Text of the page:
Government and Science: A Dreadful Mix

Tom Woods interviews Terence Kealey

“In one of the strongest episodes of this show ever (see also here), Terence Kealey, professor emeritus at Buckingham University and a research fellow of the Cato Institute, makes a stunningly powerful case for the separation of science and state.”

Here is an article by Kealey on the same subject:

Governments Need Not Fund Science (at Least, Not for Economic Reasons)

From the conclusion of the above:

The evidence that governments need not fund science for economic reasons is overwhelming, and it is ignored only because of self‐​interest: the scientists like public funding because it frees them to follow their own interests, companies like it because it provides them with corporate welfare, and politicians like it because it promotes them as patrons of the public good (witness Bill Clinton’s leading the celebrations over the mapping of the human genome.) So the empirical evidence is ignored in favo r of abstract theories.

There are, of course, non‐​economic reasons, such as defense or the study of pollution, why a government might want to fund science (and a democratic polity, moreover, might not wish to be dependent only on private entities for its expertise in science) but in this document I cannot pronounce on these non‐​economic justifications for the government funding of research: only democratically‐​elected representatives have that competence. Here I can make only the technical argument that there is no credible evidence that governments need fund science for economic reasons.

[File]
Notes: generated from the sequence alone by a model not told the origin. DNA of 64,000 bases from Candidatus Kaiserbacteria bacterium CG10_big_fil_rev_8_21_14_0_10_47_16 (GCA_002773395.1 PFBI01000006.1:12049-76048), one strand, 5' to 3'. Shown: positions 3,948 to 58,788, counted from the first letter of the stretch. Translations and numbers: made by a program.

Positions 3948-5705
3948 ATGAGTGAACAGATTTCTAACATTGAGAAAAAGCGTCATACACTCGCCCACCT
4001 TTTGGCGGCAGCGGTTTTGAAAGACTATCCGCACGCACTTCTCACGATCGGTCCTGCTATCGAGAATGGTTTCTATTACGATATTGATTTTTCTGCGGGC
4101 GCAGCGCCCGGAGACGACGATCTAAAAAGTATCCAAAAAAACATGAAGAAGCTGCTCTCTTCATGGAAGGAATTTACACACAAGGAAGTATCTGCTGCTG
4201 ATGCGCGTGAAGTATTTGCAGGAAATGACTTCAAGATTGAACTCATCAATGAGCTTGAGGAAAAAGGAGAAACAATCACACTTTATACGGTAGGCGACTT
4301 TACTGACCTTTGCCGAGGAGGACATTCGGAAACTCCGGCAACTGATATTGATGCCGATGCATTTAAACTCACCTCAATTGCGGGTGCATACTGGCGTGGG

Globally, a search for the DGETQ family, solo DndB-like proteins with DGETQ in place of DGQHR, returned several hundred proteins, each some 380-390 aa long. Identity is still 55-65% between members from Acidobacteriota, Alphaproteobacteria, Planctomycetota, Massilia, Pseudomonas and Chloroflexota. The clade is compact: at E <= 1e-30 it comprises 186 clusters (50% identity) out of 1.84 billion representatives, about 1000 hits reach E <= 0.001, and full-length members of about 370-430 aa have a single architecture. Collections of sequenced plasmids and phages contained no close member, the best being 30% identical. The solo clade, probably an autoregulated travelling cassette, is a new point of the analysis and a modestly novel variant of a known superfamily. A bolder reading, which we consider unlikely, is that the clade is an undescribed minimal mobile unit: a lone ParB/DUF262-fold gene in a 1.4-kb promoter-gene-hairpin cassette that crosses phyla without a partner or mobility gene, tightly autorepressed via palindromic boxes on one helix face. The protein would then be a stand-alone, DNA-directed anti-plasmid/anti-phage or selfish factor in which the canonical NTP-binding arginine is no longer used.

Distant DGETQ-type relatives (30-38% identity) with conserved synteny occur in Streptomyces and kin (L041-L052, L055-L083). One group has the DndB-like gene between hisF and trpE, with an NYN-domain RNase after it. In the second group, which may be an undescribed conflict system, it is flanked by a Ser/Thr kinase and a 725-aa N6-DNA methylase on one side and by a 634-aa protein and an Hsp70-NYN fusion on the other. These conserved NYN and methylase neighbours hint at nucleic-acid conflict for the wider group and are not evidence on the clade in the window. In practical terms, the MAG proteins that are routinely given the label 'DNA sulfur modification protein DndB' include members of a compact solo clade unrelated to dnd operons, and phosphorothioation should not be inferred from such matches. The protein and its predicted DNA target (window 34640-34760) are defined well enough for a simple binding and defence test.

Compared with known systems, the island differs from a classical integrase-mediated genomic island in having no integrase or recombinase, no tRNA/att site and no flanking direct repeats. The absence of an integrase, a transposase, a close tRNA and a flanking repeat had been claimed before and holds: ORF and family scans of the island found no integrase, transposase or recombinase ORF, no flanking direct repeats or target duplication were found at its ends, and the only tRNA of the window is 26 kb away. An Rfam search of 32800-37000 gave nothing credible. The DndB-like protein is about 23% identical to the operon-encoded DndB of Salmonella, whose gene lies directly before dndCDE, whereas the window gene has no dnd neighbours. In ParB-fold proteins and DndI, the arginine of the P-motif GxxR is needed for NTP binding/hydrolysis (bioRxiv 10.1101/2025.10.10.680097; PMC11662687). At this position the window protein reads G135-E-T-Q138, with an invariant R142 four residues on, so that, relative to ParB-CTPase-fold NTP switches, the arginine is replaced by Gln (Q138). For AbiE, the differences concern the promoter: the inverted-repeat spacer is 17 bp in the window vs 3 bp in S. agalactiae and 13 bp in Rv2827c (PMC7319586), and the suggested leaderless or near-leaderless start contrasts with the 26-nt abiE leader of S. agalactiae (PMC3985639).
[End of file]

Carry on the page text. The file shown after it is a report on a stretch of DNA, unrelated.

But we can nonetheless note that in his own farewell address (known for its regrets for the “industrial‐​military” complex and for the “three and half million men and women directly engaged in the defense establishment”) Truman’s immediate successor as President lamented the effects of the federal government’s funding for science. He lamented the effects on the universities:

In the free university, historically the fountainhead of free ideas and scientific discovery … a government contact becomes virtually a substitute for intellectual curiosity.

The prospect of domination of the nation’s scholars by federal employment … is gravely to be regarded.

And he also lamented the effects on the federal government itself:

We should be alert to the … danger that public policy could itself become captive of a scientific‐​technological elite.

And here is another:

Don’t Be like China: Why the U.S. Government Should Cut Its Science Budget